For many of us, January is littered with a motley assortment of resolutions.
Instead of willing yourself to give up chocolate, while saving an extra $500 a month and finally learning Chinese, try whittling down the list to what really matters.
Get started with a free financial assessment.
Get started with a free financial assessment.
We’ve come up with some of the most important things that will keep you on track for a bright fiscal future. In other words, these are tasks that will set you up to have a great 2013 straight through to 2025.
And since our readers are all unique and in different life stages, we took the theme of “years” to a whole new level: Here are the top five things you should do in each decade of your life, from your 20s to your 60s and beyond.
5 Things to Do in Your 20s …
1. Build an Emergency Fund
When you’re young, saving up for a huge financial safety net can feel daunting, but emergencies, like job loss, can also be daunting. We recommend that you save at least six months’ net income in a high-yield savings account that's reserved just for true emergencies. Once you’ve saved that amount, you’re done. So make it happen!
2. Pay Off Your Credit Card Debt
We know how easy it is to get into credit card debt, but make it a goal to be debt-free by the time you hit 30. Not only does credit card debt seriously weigh down your credit score, but it also compounds continuously, so it just builds and builds. Need help? Try LearnVest’s Get Out of Debt Bootcamp.
3. Take the Job You Love
We don’t want to make any assumptions about what your family structure looks like in your 20s, but if there’s ever a time to follow your passion and take the job of your dreams, it’s when you’re young and don’t yet have a ton of financial obligations. Will that make you feel financially insecure? That’s why you need that emergency fund!
4. Open an IRA
Although retirement may feel a long way off, time is your best ally. As a rule of thumb, imagine that you’ll need at least 70% of your pre-retirement income per year (so if you make $75,000 before you retire, you’ll want at least $52,500 per year of retirement). If you retire at 65, and live until 90, well, that’s a lot of years.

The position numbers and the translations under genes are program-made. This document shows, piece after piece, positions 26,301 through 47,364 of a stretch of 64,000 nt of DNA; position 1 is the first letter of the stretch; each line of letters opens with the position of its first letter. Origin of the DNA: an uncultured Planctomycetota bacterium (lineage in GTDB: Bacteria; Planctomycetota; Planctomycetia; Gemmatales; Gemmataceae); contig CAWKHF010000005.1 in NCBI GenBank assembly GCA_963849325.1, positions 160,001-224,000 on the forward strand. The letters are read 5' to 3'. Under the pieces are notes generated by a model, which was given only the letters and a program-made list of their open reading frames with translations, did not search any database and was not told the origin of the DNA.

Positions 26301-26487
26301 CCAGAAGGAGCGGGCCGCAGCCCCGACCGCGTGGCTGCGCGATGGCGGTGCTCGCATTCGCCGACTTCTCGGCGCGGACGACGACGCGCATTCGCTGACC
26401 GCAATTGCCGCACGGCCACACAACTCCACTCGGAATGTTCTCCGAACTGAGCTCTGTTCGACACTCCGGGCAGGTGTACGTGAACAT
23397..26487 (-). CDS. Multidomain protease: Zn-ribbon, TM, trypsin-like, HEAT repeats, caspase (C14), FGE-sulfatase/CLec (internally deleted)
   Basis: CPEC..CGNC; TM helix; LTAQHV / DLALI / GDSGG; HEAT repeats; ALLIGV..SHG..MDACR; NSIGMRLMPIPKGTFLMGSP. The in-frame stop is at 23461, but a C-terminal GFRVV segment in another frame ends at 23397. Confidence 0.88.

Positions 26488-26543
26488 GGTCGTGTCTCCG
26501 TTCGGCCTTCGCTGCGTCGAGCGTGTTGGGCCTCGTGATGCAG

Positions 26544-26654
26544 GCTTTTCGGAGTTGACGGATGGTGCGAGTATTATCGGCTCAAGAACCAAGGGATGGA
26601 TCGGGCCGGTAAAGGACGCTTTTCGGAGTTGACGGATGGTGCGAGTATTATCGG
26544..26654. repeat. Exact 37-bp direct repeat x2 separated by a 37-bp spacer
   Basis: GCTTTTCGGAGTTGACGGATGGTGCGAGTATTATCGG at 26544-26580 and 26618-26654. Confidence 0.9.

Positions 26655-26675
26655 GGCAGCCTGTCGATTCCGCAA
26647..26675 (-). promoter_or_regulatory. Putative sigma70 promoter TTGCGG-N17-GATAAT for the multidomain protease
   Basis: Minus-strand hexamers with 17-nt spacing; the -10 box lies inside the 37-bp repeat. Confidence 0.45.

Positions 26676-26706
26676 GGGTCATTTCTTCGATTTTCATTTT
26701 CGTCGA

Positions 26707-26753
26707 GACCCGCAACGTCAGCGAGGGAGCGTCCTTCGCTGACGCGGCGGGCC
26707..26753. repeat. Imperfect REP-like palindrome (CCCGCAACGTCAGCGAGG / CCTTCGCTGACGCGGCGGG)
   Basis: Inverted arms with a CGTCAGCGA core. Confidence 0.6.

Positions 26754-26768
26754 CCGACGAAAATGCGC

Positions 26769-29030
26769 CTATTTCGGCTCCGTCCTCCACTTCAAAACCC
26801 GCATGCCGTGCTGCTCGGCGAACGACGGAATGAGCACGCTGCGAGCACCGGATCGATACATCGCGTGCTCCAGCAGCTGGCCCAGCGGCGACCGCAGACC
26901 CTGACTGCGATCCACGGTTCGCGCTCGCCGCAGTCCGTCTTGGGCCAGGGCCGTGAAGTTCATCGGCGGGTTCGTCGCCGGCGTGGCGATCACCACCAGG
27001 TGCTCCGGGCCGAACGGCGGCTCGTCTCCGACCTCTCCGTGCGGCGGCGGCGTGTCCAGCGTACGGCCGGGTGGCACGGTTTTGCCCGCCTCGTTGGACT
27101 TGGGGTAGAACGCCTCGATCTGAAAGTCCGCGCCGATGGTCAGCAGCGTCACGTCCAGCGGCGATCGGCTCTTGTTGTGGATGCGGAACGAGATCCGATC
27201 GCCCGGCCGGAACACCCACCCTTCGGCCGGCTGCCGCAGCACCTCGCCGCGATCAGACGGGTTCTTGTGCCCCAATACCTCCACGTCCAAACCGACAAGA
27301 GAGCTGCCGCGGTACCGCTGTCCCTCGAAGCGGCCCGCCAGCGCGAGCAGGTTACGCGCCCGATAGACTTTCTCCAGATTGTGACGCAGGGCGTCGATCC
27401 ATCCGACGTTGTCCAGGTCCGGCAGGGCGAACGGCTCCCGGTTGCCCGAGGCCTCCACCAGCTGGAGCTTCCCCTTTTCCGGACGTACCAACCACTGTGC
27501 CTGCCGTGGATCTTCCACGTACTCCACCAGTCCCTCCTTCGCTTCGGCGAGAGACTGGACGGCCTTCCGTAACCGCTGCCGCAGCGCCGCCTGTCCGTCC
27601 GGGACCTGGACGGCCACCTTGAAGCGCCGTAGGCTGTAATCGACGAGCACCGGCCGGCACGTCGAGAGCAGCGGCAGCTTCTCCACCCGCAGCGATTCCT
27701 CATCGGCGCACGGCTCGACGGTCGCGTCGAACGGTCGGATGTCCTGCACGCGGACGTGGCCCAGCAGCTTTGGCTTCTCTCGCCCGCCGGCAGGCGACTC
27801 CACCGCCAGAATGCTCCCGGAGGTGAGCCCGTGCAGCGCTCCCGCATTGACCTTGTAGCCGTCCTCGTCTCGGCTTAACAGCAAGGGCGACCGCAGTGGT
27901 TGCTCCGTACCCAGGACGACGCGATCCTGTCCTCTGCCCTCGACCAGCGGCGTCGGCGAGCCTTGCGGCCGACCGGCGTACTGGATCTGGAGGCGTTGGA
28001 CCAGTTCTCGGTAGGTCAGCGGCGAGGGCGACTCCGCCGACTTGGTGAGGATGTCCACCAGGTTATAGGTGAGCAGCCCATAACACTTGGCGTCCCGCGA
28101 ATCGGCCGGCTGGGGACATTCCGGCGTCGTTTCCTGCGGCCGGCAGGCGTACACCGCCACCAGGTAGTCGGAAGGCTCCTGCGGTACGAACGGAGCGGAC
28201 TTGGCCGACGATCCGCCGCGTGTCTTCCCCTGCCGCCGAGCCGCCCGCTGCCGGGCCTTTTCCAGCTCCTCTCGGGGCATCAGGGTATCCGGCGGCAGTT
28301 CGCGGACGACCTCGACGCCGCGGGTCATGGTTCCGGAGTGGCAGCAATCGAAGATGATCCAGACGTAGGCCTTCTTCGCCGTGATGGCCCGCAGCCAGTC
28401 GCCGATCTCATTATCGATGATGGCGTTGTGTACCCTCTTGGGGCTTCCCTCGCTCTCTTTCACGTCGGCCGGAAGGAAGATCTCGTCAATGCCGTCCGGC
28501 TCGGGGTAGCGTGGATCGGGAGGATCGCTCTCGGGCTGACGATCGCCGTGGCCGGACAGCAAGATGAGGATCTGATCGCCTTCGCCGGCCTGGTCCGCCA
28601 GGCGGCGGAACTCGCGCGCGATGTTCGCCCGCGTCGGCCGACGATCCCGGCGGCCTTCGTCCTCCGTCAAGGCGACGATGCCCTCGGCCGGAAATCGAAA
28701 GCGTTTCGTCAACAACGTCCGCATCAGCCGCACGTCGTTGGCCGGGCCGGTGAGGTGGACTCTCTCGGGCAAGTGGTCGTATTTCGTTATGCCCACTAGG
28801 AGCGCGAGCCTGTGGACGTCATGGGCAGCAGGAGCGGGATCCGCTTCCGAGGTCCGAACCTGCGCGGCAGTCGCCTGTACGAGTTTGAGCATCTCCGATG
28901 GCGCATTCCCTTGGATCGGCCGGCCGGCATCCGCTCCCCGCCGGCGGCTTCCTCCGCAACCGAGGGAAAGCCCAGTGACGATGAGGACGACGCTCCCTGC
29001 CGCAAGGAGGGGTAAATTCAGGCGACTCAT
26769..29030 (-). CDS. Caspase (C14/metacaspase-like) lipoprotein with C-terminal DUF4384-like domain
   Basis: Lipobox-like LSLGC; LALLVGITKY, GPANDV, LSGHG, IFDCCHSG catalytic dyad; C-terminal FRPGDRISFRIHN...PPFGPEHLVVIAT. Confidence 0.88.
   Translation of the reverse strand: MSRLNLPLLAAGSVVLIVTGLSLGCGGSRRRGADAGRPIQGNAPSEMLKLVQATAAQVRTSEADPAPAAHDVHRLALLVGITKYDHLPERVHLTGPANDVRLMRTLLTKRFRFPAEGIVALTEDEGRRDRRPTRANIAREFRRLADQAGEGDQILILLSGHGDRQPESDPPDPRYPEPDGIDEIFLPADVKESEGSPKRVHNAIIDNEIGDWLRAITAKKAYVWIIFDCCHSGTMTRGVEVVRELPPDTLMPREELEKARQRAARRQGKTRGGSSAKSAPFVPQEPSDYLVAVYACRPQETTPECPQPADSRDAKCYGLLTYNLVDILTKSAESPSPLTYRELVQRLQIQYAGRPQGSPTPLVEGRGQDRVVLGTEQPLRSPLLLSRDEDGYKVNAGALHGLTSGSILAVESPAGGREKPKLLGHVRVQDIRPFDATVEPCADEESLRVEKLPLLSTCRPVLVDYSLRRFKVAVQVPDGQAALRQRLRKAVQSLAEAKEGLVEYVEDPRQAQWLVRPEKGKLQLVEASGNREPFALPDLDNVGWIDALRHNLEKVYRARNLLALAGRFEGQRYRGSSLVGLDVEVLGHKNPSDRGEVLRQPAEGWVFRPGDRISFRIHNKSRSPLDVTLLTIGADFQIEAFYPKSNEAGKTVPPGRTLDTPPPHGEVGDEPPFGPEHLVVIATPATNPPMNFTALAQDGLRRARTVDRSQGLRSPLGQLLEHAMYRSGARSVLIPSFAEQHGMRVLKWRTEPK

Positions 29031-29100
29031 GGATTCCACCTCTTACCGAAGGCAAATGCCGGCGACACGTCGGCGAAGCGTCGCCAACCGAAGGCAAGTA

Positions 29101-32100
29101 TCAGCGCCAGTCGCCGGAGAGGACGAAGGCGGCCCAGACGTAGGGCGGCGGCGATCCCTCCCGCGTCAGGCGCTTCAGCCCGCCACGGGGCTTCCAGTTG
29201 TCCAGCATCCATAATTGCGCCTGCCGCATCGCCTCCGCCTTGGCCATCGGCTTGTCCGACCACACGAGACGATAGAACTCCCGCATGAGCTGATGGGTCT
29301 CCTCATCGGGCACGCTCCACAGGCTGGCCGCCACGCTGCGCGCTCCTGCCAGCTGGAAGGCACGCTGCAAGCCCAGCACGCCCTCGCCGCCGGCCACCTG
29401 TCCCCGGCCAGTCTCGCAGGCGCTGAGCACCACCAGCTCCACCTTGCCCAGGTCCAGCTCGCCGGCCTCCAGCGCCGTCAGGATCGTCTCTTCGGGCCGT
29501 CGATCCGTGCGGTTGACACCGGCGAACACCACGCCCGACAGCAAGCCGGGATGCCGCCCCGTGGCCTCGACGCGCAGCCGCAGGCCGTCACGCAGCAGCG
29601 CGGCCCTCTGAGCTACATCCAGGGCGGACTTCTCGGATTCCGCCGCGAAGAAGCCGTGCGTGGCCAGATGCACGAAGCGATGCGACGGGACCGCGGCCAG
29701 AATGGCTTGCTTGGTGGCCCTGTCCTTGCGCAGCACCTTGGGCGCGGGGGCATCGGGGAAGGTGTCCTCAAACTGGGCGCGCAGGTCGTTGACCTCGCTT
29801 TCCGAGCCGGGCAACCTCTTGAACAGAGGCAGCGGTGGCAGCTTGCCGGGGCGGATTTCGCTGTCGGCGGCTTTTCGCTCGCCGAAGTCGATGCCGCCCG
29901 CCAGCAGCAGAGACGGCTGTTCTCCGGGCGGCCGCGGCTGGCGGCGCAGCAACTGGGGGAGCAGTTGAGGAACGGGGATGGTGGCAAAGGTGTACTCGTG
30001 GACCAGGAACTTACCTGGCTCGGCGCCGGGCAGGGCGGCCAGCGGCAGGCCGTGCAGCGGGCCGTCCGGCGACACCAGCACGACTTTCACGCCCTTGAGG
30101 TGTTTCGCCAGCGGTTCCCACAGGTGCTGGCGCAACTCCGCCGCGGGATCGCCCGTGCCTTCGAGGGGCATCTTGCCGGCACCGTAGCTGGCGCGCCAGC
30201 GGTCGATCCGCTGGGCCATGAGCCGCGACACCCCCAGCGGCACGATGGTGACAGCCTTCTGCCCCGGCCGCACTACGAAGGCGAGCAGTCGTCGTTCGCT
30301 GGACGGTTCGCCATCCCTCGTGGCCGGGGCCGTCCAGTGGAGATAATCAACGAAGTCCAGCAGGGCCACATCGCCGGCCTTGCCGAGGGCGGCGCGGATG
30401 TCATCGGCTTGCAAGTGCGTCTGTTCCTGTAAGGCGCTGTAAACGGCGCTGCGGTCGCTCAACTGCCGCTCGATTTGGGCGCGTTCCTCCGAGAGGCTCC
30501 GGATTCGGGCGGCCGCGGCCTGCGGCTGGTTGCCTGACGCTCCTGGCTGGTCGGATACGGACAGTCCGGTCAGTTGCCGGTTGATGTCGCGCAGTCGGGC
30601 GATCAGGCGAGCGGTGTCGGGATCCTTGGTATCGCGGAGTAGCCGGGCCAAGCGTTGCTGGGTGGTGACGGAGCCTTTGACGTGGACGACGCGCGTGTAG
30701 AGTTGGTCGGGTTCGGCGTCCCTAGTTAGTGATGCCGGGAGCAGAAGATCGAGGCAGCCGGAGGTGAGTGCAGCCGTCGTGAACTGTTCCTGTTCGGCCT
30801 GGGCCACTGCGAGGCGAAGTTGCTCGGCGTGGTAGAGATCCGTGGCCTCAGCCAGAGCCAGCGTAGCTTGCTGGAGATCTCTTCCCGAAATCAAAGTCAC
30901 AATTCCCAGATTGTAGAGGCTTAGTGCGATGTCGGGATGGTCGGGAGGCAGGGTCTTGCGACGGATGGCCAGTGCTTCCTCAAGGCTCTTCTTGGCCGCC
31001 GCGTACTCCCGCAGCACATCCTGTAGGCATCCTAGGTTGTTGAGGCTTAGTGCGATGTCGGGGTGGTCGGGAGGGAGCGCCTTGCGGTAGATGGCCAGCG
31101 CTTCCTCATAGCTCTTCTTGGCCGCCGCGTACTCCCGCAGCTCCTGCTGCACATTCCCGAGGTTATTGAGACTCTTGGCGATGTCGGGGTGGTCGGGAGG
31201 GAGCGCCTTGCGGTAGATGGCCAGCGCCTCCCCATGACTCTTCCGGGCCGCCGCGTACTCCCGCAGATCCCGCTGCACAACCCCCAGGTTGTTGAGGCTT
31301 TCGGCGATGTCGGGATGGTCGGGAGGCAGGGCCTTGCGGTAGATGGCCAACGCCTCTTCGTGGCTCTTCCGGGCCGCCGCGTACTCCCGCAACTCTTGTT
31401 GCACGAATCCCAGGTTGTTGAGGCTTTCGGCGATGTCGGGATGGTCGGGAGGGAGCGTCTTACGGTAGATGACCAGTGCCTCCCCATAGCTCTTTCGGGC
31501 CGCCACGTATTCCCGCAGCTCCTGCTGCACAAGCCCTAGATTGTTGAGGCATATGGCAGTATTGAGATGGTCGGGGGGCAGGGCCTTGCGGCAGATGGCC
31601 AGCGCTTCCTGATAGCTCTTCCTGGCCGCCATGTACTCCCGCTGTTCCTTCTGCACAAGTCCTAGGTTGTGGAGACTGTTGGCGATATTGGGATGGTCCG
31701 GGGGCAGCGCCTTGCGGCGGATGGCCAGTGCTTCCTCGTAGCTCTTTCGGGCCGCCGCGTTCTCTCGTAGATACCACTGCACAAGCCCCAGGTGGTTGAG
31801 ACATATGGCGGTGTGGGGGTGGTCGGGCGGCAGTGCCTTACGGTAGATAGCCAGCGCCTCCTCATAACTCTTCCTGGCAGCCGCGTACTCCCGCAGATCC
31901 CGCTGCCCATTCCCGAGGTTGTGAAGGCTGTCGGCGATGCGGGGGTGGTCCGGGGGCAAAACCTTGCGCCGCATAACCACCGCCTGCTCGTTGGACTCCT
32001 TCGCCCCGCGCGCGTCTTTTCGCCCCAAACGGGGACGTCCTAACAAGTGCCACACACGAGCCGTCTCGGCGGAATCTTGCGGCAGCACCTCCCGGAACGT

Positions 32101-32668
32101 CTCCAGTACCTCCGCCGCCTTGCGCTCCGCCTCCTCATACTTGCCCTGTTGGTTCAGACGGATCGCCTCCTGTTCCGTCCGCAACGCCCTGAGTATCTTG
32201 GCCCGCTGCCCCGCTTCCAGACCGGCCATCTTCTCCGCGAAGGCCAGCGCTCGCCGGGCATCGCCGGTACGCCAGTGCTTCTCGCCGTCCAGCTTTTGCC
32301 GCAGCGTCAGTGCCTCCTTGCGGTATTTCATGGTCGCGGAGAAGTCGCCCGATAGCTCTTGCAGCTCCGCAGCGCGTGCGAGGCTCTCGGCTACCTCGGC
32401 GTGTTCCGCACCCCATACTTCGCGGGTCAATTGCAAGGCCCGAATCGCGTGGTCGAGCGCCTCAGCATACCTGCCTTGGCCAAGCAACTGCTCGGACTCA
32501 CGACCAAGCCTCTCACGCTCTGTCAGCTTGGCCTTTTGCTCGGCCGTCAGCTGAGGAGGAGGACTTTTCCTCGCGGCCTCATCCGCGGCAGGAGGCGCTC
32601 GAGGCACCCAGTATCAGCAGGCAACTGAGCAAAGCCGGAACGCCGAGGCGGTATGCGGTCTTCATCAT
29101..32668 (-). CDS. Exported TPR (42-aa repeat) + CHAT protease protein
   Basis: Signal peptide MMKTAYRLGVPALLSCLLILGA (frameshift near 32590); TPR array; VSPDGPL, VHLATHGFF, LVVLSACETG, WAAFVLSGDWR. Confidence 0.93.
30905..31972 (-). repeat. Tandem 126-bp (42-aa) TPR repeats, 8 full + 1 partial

Even if you can’t contribute a lot while in your 20s, it’s important to get started. Here’s how to begin saving for retirement.
5. Take the Trip of Your Dreams
Even if you’re struggling a little, don’t lose sight of getting the most out of life. Rather than putting your dream trip on credit cards or begging your parents, save up and plan it out. If you have to wait a while before your dreams become reality, you’ll enjoy it all the more when you do make it happen. (Like this 20-something who took her dream Paris vacation.)
5 Things to Do in Your 30s …
1. Become Confident in Investing
The idea is that, at a certain point, you’ll learn enough about investing that you’re confident in making your own investment decisions. That’s not to say that you should start picking individual stocks—you shouldn’t—but you should claim ownership over your own financial life. Want to get started? Learn the ins and outs of investing.
2. Get Life Insurance
The best time to get life insurance is when you’re young and healthy, so you’ll get the best rates possible. Of course, life insurance is even more important when you start having people in your life who depend on you, like children or a spouse who counts on your income. If you’re a stay-at-home parent, this could also include a spouse who depends on your household contribution to be able to continue his or her own success at work.
3. Pay Off Student Loans
Student loans can haunt us for years after graduating, but it feels momentous when we finally pay them off. Don’t have much of a plan for getting these off your back? Read our checklist for paying off student loans.
4. Max Out Retirement Contributions
We hope you opened an IRA and contributed some money while in your 20s, but now that you’re a little more established, it’s time to kick the “but I can’t afford to max it out!” excuse once and for all. Funding your retirement isn’t selfish--even if you have kids. In fact, being self-sufficient in retirement may actually be one of the greatest gifts that you can give your children down the line.
5. Give to Charity
We’ve heard it 1,000 times: “I would love to give to charity, but I’m not rich!” It’s time to stop the excuses and give back to the best of your abilities. This can mean volunteering your time and skills or giving money.
5 Things to Do in Your 40s …
1. Open a 529
If you have kids, you can’t open a 529 educational savings plan soon enough. And even if you don’t have little ones, you can open a 529 for yourself if you plan to go back to school. Similar to retirement investing, your biggest ally when it comes to 529 investing: time for your money to grow. Here’s what you need to know about 529s.
2. Do a Comprehensive Health Checkup